Translation:You wrote this character incorrectly.
Where is "Chinese" character here? May be he or she wrote English or other, right?
Technically 字 is "(Chinese) character", whereas 词 or 单词 is "word" (such as an English word, if a Chinese person was learning English). #themoreyouknow
Would 字 also be a character in another character-based language (such as heiroglyphics), or does it only apply to Chinese?
"you wrote this character incorrectly" was marked as wrong, though I believe it is a better english translation
why is it in this case okay to put the direct object of the sentence at the start, before the subject?
bit rusty, so could be wrong, but from memory I think they call this the "topic comment" structure
This is just wrong. If the sentence is as the answer says it is the sentence should be "这个汉字你写错了"
It's not wrong for Duo to teach that 字 = "Chinese character" because that is probably the most common meaning; however it also means simply "character" (of any language) and also "word" (of any non-character based language) so without context both of these should also be accepted.
"Wrongly" may be correct, however, this word is normally used only to modify an adjective in expressions like "I was wrongly accused". It means "unjustly".
Is "这个字你写了错。" grammatically correct and does it mean the same as "这个字你写错了。"?
Also, can the subject (here, 你) be placed at the beginning of the sentence?
It's weird. Duolingo just sent me a notification for some irrelevant comment below, but it has never informed me of your reply.
As for the first sentence, it's wrong because it puts 错behind了. Have to be 错了。Wait, you asked about its meaning. no meaning of its meaning.
The sentence does not specify that the wrong character are Chinese characters.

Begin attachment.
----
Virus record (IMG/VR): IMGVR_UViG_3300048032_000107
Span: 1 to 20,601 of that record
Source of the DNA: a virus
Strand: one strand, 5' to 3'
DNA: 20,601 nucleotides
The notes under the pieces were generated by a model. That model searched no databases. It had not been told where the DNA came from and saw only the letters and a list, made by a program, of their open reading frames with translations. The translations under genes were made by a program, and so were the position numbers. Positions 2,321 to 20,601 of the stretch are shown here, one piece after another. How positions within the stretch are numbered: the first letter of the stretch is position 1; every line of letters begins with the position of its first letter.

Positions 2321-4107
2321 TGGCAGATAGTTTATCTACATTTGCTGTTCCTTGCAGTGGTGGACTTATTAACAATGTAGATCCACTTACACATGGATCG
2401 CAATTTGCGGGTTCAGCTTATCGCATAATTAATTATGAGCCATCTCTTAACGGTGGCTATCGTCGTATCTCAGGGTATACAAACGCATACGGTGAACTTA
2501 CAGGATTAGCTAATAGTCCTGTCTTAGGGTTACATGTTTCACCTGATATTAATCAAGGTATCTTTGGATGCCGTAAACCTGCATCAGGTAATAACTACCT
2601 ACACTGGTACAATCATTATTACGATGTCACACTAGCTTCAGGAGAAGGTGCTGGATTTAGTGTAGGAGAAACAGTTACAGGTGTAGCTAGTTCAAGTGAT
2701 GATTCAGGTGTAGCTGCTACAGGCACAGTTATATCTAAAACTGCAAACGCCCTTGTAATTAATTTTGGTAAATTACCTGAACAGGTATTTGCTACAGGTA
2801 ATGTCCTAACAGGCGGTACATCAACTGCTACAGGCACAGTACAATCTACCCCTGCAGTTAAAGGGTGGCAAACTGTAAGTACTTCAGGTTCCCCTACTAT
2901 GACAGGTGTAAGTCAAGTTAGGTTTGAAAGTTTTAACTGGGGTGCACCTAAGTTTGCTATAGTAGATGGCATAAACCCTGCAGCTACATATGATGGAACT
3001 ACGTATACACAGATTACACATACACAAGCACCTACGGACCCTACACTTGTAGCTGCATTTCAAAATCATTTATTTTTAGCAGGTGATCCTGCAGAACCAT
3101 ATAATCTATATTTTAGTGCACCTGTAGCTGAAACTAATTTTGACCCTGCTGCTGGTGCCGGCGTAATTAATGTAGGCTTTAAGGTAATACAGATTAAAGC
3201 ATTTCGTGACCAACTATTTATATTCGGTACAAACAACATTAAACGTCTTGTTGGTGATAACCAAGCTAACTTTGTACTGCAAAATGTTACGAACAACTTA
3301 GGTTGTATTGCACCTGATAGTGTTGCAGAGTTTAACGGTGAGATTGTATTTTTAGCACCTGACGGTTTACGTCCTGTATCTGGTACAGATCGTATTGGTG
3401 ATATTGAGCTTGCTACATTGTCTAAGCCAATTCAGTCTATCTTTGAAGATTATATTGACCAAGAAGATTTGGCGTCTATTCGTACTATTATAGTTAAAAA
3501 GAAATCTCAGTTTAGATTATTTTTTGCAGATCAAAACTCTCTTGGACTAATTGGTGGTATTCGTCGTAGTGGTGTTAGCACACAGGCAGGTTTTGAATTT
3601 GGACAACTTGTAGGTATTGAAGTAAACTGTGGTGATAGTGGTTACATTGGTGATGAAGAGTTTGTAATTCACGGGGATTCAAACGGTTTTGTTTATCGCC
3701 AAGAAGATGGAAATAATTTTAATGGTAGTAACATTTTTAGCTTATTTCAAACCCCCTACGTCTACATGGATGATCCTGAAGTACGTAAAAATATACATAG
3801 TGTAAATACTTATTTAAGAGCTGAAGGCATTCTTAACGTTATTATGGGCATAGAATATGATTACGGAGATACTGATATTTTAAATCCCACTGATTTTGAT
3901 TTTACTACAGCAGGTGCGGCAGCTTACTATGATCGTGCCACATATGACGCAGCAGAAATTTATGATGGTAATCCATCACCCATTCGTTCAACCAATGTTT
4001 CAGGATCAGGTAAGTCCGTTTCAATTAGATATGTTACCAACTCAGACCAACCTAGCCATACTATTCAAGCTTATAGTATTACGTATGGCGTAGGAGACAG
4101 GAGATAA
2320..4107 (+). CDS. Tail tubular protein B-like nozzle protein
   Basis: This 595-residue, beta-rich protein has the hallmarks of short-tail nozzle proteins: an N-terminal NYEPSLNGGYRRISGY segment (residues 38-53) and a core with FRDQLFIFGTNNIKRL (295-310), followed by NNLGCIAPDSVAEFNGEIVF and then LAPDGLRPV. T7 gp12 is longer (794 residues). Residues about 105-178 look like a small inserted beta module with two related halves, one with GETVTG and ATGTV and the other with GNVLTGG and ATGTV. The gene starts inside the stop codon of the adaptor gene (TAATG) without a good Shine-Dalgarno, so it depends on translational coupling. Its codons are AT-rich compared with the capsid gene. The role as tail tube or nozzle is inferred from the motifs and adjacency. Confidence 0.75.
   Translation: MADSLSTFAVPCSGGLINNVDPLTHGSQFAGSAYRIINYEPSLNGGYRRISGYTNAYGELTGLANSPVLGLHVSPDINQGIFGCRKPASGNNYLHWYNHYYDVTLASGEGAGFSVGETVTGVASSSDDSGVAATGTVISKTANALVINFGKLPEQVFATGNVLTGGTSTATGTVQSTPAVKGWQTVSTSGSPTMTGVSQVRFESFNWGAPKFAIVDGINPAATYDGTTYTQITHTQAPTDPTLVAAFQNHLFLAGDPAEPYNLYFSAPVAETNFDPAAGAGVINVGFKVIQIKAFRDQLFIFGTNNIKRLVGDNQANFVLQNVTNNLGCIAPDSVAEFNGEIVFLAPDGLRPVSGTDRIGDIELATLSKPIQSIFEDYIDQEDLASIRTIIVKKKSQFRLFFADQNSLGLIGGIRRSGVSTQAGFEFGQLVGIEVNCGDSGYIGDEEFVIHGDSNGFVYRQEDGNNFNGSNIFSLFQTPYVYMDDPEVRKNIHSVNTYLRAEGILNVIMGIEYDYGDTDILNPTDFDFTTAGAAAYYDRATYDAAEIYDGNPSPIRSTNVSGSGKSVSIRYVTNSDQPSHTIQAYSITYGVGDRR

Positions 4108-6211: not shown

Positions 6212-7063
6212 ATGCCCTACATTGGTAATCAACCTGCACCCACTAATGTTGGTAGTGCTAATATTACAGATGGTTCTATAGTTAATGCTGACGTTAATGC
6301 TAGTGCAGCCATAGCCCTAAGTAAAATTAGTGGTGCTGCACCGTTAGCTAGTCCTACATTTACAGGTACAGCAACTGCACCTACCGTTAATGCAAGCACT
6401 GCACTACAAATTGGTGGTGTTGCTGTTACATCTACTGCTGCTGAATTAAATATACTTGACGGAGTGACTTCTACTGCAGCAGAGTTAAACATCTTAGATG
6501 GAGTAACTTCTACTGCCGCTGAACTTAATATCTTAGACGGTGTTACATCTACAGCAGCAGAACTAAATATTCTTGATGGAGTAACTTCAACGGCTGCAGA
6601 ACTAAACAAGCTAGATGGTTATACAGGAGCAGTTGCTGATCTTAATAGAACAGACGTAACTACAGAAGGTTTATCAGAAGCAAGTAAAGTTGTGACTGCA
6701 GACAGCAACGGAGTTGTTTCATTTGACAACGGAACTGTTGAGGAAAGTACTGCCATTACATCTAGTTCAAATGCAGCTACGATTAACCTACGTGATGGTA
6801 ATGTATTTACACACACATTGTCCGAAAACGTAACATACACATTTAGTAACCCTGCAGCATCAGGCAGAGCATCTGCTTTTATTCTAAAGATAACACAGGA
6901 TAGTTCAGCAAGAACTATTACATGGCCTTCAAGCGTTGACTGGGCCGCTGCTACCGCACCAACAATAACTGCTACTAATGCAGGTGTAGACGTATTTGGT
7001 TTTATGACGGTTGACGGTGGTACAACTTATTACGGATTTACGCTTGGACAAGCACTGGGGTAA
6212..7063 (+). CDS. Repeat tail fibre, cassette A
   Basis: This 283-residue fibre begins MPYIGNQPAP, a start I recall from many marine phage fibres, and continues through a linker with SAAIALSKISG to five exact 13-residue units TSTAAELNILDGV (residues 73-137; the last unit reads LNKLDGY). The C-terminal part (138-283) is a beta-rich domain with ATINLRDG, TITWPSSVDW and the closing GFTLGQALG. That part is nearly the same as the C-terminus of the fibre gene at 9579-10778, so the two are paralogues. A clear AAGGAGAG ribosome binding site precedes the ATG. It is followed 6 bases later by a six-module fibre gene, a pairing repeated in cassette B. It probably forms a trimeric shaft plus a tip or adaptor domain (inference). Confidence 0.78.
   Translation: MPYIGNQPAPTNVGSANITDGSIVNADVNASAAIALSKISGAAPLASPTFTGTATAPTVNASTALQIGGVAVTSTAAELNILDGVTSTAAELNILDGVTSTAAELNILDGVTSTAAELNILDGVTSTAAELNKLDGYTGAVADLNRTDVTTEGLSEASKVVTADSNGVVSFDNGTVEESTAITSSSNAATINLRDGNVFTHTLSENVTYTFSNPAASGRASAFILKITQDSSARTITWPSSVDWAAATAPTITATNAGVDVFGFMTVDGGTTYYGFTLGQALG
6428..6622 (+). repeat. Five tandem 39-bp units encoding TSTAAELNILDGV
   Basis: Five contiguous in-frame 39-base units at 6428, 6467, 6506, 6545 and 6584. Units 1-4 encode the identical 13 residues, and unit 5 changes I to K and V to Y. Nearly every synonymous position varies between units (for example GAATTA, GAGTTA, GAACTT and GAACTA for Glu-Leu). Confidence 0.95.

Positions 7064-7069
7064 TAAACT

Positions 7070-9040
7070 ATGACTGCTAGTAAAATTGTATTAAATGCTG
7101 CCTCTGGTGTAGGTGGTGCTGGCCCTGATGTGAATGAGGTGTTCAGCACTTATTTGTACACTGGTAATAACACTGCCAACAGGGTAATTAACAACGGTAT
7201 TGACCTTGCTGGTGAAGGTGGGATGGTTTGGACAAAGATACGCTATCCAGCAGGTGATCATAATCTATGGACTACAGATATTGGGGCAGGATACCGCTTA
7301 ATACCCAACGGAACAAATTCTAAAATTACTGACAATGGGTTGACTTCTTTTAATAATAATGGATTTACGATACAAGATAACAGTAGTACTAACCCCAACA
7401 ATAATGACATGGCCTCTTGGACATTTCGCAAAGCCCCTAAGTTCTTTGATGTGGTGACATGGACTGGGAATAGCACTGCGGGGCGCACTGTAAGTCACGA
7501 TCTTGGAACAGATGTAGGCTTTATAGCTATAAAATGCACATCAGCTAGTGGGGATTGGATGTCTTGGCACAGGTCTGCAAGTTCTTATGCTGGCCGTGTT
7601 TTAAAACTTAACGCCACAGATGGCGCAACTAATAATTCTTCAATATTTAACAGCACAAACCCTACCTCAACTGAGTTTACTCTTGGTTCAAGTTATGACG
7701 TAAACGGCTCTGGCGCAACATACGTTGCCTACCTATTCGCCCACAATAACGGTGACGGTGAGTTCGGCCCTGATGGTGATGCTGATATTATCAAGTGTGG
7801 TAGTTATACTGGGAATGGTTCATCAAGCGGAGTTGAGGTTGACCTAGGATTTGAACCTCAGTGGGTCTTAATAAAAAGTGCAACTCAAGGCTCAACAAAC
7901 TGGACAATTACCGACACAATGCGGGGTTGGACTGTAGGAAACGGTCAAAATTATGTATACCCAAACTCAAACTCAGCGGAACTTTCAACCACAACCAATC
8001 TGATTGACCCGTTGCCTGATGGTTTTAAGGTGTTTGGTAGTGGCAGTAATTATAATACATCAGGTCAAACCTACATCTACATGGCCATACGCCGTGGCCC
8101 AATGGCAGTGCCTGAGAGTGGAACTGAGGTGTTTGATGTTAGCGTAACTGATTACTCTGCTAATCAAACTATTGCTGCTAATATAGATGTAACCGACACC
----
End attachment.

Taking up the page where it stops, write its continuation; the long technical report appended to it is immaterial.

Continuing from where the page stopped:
"This character you wrote is wrong." is the most literal translation and should be accepted, IMO.
Nope. Because coherent Chinese grammatical structure is different from English. Your sentence would be more accurately translated into "你写的字错了。"
I agree with Cusco10, in English the difference between "you wrote the incorrect word" vs "you wrote (spelt) the word incorrectly".
你写的字错了 is "the wrong character that you wrote". Perhaps you meant 你写字了，写得很错.
You're all confusing me a lot.
What's all this 的 structure.. i can't synthesize it with what i have learned so far in the course
得 (de) should be used as an adverbial marker to link verb + adjective here, right? Or 地 (also "de") if it were adjective + verb?
Native here... I feel hopeless about 字."Chinese character" is correct,but "word" is more common.Many of English writer's work,original word was "(W)word" ,if it was translated into Chinese,it is showed as "字",or"字眼".A few of times I saw it turned into "单词" or just "Word"(It means a software.I know it is a bulls**t).
strictly speaking 'wrong' needs to be an adverb as it is modifying 'wrote'
Where the heck is "Chinese"? Excuse me? I'm honestly discouraged by this crappy system. It has been a year and they have not fixed it yet!